Young nobleman Orlando is commanded by Queen Elizabeth I to stay forever young. Miraculously, he does just that. The film follows him as he moves through several centuries of British ... See full summary »
On a trip to Paris Sally meets Pablo, a tango dancer. He starts teaching her to dance then she returns to London to work on some "projects". She visits Buenos Aires and learns more from ... See full summary »
Emmy Coer, a computer genius, devises a method of communicating with the past by tapping into undying information waves. She manages to reach the world of Ada Lovelace, founder of the idea ... See full summary »
A dramatization, in modern theatrical style, of the life and thought of the Viennese-born, Cambridge-educated philosopher Ludwig Wittgenstein (1889-1951), whose principal interest was the ... See full summary »
In this Derek Jarman version of Christopher Marlowe's Elisabethan drama, in modern costumes and settings, Plantagenet king Edward II hands the power-craving nobility the perfect excuse by ... See full summary »
A nearly wordless visual narrative intercuts two main stories and a couple of minor ones. A woman, perhaps the Madonna, brings forth her baby to a crowd of intrusive paparazzi; she tries to... See full summary »
Anxious to use artificial life to improve the world, Rosetta Stone, a bio-geneticist creates a Recipe for Cyborgs and uses her own DNA in order to breed three Self Replicating Automatons, ... See full summary »
In this film, told almost entirely in iambic pentameter, She is a scientist in a loveless marriage to Anthony, a devious politician. He is a Lebanese doctor in self-imposed exile, working ... See full summary »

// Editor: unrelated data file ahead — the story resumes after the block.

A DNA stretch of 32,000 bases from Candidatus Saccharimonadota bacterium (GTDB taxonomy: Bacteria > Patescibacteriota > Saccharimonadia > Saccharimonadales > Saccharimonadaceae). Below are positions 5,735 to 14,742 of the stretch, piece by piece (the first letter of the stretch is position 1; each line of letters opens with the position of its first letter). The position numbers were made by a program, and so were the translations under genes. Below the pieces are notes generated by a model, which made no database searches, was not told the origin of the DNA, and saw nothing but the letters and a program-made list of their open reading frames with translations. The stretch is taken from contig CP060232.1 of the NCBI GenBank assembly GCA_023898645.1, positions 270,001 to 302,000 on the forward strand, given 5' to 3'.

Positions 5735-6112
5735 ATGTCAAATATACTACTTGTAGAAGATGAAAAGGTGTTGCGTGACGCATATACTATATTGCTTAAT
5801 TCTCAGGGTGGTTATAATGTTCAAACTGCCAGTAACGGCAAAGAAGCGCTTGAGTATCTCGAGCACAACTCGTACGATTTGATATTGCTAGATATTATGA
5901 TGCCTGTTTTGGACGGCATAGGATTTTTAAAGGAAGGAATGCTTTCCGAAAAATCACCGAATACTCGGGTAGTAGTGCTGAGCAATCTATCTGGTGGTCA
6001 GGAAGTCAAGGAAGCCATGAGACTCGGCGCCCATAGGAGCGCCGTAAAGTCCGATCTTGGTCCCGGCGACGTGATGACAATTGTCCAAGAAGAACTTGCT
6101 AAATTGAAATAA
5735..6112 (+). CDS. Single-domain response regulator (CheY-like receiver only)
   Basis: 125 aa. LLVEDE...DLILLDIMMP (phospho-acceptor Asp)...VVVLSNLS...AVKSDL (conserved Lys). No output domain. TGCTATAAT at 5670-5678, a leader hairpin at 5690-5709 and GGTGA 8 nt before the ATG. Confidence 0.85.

Young nobleman Orlando is commanded by Queen Elizabeth I to stay forever young. Miraculously, he does just that. The film follows him as he moves through several centuries of British history, experiencing a variety of lives and relationships along the way, and even changing sex. Written by
As Orlando progresses throughout the years, during each new incarnation actress Tilda Swinton's eye color changes. See more »
If I were a man...
I might choose not to risk my life for an uncertain cause. I might think that freedom won by death is not worth having. In fact...
You might choose not to be a real man at all. Say, if I were a woman...
I might choose not to sacrifice my life caring for my children, nor my children's children, nor to drown anonymously in the milk of female kindness, but instead, say, to go abroad. Would I then be...
A real woman?
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For Beatrice Quennell "Hunny" 1897 - 1989 See more »
As someone who knows nothing at all about Virginia Woolf and her writing career, I found this film rather vacuous. Sure the costumes and sets were great, I do love much of those eras clothing styles, but that hardly makes a great film. Hollywood has this thing with books and IMHO if you need to know the book prior to seeing the movie then the movie is at fault either the screenwriter or director failed to make a film that can stand on its own. Maybe it was an impossible task I don't know since I haven't read the book.
Too much seems to depend upon knowing the author and her relationship with her friend but without that foreknowledge it loses any irony or bite.
Tilde Swinson simply cannot make a convincing male and for 2/3 of the movie that simply got in the way.
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